Hepatitis C: A Focus on Dietary Supplements
On this page:
- Key Points
- Keep in Mind
- What Is Hepatitis C?
- Use of Herbal Supplements and Other Complementary Approaches for Hepatitis C
- What the Science Says
- NCCIH-Funded Research
- If You're Considering Taking a Dietary Supplement for Hepatitis C
- For More Information
Hepatitis C is a liver disease caused by a virus. It's usually chronic (long-lasting), but most people don't have any symptoms until the virus causes liver damage, which can take 10 or more years to happen. Without medical treatment, chronic hepatitis C can eventually cause liver cancer or liver failure. Conventional medical treatments are available for chronic hepatitis C. Some people with hepatitis C also try complementary health approaches, especially dietary supplements. This fact sheet provides basic information on hepatitis C, summarizes scientific research on selected supplements, and suggests sources for additional information.
- Are Dietary Supplements for Hepatitis C Safe?
- Colloidal silver is not safe; it can cause irreversible side effects.
- Data on the safety of other supplements is limited. However, some can have side effects or may interact in harmful ways with medications, and some may be unsafe for people with certain health problems.
- If you have hepatitis C, check with your health care provider before using any dietary supplement to make sure that it is safe for you and compatible with any medical treatment that you're receiving for hepatitis C or any other health problem.
- Are Dietary Supplements for Hepatitis C Effective?
- No dietary supplement has been shown to be effective for hepatitis C or its complications.
- The results of research supported by the National Center for Complementary and Integrative Health (NCCIH) and National Institute of Diabetes and Digestive and Kidney Diseases (NIDDK) have shown that silymarin, the active extract of milk thistle and the most popular complementary health product taken by people with liver disease, was no more effective than placebo in people with hepatitis C.
- Research on other dietary supplements for hepatitis C, such as zinc, licorice root (or its extract glycyrrhizin), S-adenosyl-L-methionine (SAMe), and lactoferrin, is in its early stages, and no firm conclusions can be reached about the potential effectiveness of these supplements.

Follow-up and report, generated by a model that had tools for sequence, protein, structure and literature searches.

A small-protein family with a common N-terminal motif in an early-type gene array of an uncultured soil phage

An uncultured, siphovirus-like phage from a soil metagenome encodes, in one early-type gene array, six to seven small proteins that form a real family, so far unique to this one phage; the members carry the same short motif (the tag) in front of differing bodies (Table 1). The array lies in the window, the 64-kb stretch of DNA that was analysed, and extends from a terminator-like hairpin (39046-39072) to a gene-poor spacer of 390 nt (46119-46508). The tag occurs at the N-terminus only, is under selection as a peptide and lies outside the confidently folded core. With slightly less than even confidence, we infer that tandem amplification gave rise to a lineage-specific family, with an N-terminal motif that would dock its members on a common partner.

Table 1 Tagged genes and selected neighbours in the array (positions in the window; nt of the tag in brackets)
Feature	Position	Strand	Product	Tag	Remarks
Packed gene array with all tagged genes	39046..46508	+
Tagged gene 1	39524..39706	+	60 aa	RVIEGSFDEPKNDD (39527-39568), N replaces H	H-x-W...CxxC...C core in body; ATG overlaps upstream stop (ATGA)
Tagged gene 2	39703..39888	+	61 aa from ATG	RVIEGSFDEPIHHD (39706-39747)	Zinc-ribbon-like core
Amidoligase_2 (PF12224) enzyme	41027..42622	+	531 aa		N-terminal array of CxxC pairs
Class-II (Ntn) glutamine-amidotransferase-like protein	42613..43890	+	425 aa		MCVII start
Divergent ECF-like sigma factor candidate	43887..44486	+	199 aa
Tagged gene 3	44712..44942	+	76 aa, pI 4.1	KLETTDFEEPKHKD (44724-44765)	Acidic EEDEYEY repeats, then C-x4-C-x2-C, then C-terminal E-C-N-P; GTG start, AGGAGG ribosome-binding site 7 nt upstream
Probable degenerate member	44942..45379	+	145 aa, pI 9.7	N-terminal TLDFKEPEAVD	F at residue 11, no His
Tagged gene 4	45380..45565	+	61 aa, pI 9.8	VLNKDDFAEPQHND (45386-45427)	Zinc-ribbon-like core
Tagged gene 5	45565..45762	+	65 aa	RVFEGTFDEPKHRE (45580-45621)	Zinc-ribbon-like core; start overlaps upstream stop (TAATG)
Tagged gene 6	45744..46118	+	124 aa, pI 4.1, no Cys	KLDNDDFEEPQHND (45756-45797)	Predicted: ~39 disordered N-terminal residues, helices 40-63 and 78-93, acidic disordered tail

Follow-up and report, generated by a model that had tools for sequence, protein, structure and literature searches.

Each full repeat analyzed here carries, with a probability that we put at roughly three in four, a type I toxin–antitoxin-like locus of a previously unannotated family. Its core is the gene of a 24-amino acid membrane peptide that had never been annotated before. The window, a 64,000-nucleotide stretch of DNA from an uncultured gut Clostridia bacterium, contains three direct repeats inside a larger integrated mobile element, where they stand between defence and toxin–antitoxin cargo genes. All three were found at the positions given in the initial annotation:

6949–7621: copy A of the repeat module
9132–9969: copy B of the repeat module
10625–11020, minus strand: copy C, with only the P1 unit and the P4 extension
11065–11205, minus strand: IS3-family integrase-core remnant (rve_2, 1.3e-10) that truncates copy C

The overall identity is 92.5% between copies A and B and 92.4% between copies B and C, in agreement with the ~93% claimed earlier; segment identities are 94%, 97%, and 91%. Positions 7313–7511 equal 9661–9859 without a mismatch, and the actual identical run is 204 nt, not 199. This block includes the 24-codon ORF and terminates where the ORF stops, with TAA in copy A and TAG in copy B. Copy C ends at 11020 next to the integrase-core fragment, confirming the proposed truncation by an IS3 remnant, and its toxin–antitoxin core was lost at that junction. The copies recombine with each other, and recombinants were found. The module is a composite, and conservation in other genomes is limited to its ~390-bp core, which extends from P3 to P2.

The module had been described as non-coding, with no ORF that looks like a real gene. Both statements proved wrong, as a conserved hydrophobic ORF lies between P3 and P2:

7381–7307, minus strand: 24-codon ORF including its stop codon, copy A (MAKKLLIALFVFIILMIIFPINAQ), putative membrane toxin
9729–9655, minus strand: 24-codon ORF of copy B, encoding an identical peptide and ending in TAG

Keep in Mind
- It's important not to replace conventional medical therapy for hepatitis C with dietary supplements or other approaches that haven't been shown to be effective.
- Tell all your health care providers about any complementary health approaches you use. Give them a full picture of what you do to manage your health. This will help ensure coordinated and safe care.
What Is Hepatitis C?
Hepatitis C is a contagious liver disease. It's caused by the hepatitis C virus. People can get hepatitis C through contact with blood from a person who's already infected or, less commonly, through having sex with an infected person. The infection usually becomes chronic. Chronic hepatitis C often is treated with drugs that can eliminate the virus. This may slow or stop liver damage, but the drugs may cause side effects, and for some people, treatment is ineffective. An estimated 3.2 million Americans have chronic hepatitis C. To learn more about hepatitis C, visit the NIDDK Web site.
Use of Herbal Supplements and Other Complementary Approaches for Hepatitis C
Several herbal supplements have been studied for hepatitis C, and substantial numbers of people with hepatitis C have tried herbal supplements. For example, a survey of 1,145 participants in the HALT-C (Hepatitis C Antiviral Long-Term Treatment Against Cirrhosis) trial, a study supported by the National Institutes of Health (NIH), found that 23 percent of the participants were using herbal products. Although participants reported using many different herbal products, silymarin (milk thistle) was by far the most common. Another study, which surveyed 120 adults with hepatitis C, found that many used a variety of complementary health approaches, including multivitamins, herbal remedies, massage, deep breathing exercises, meditation, progressive relaxation, and yoga.